I am often daunted by the thought that my blog entry needs to be ahead of the curve and insightful. Some days, I just don’t have anything insightful to share. Yet everything I read about social networking suggests you need to make contributions every day to have a presence.
Like Clara said, it can take 5-10 hours a week to really dive into new media. Right now, I’m not able to commit that kind of time, but I do have a few minutes here and there to share random thoughts.
So here’s my short, maybe insightful, maybe not, contribution for today.
I read an interesting Tweet from one of the many PR pros I now follow – Brian Solis. I find he often adds the most useful content to my Twitter inbox. He posted a great blog about research indicating the importance of blogs to influence consumer spending.
Several months ago I posted an entry about how in order to convince clients that starting corporate blogs or investing time and money in social media is a good idea, they often want research. Numbers. They want to know it will work. Well, the industry is now finally starting to develop the research that proves the usefulness of new media in the consumer sector.Tagged ROI
I did a google search on surviving the downturn that returned 269,000 results. Many of the results were specific for a particular region or industry, but the best results I found were in an article by Richard Tyler in my.Telegraph.co.uk. Tyler included some of the tips that were posted to Chad Moutray’s question on Linkedin. (Chad Moutray is the Chief Economist & Director of Economic Research at U.S. Small Business Adminstration, Office of Advocacy.)
Here are some of the best tips:
Perhaps the best advice is to keep a positive attitude and remember “This too shall pass.”Tagged Internal Communications, ROI, Shanny Morgenstern
Recently, I had the opportunity to attend PRISMs, the annual awards show for Kansas City’s PRSA chapter. Another agency took home Best in Show for a new product launch they executed for a large greeting card company.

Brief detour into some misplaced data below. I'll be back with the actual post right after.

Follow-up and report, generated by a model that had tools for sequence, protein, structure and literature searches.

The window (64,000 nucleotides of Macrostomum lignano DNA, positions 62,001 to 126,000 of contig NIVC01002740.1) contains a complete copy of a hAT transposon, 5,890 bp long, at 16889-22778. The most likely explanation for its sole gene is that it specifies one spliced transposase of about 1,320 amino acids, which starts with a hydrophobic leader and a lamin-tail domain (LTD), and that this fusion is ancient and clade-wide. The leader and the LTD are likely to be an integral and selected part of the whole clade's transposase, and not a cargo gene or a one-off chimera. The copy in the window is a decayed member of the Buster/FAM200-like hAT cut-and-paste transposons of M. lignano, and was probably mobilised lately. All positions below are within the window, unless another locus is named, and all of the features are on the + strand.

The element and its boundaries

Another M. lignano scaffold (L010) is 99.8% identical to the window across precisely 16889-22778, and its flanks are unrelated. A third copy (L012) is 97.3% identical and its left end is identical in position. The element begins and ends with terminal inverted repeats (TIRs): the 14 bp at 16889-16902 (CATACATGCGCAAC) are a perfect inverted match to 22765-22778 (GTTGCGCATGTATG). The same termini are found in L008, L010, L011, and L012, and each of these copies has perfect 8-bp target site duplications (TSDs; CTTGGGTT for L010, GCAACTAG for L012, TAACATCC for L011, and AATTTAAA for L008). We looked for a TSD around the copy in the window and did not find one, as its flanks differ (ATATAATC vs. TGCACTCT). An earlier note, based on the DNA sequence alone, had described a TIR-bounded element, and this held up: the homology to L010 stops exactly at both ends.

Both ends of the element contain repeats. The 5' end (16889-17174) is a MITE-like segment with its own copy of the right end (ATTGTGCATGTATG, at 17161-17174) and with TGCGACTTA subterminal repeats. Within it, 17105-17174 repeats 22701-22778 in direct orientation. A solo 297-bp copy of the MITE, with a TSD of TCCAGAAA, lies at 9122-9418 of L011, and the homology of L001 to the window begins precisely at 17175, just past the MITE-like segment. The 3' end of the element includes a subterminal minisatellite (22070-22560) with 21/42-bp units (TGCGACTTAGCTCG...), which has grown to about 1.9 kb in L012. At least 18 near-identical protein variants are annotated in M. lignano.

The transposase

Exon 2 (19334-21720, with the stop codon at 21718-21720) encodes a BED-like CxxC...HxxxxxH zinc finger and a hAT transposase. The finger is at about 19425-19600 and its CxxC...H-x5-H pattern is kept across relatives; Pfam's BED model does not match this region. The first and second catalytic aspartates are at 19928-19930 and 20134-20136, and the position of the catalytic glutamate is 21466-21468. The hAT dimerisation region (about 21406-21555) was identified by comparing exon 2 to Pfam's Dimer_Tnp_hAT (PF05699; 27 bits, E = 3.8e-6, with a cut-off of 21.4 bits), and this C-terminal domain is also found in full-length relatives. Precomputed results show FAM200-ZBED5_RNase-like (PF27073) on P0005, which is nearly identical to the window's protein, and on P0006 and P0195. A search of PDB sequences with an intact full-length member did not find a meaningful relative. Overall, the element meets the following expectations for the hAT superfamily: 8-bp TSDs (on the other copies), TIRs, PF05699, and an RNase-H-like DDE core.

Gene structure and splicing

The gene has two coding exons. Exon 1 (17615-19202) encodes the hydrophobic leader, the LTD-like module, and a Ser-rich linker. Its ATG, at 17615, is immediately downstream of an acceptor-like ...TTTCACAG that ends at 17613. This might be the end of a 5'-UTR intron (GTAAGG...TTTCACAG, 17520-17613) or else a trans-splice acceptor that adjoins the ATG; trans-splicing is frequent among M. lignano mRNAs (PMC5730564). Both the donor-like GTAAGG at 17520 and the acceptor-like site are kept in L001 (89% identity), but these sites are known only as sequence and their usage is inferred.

Listening to the description of the campaign, I was pretty impressed by the figures they were able to throw out. The campaign garnered billions of impressions and was obviously viewed as a success.
It also represents what I consider an outdated way to measure success in that it focuses on outputs rather than outcomes.
Here is a quick refresher for those who may have forgotten the difference. Outputs are essentially WHAT you did, while outcomes are WHAT HAPPENED because of what you did.
My argument against outputs comes not from how they are measured, but from WHY we want to measure them in the first place. And that has to do with the goals we set for ourselves. It has to do with whether you are working towards COMMUNICATION goals or BUSINESS goals.
PR firms are engaged or retained to help a business achieve a business goal. Therefore, especially in the current climate where every dollar spent is being examined for its ROI, demonstrating progress towards that business goal is of paramount importance. If you are stuck on meeting communication goals (we sent out 5 releases that garnered 25 stories and 5 million impressions), you are leaving a lot on the table in terms of value to your client.
And if your client doesn’t see the value of your work, don’t expect to see that client around for very long.Marketing, ROI
Part of my job is to keep track of what is happening in the economy so that I can make good business decisions. And this has been quite a tumultuous week. Following the Dow is like riding a roller coaster – only not as much fun. Here are some articles I found that may not help me sleep at night, but do help me understand what is going on better.
Rescue the Rescue is an Op-ed in the New York Times by one of my all-time favorite authors, Thomas L. Friedman. In this article Friedman explained how Main Street’s financial future is directly tied to Wall Street’s future.
Diamond and Kashyap on the Recent Financial Upheavals by Steven D. Levitt in the New York Times is an excellent explanation about why the Treasury bailed out Fannie Mae and Freddie Mac, but chose not to bail out Lehman Brothers.
The Credit Crunch Comes to Main Street by Barbara Kiviat in Time Magazine explains how the tight credit market can impact small businesses, and the economy in general.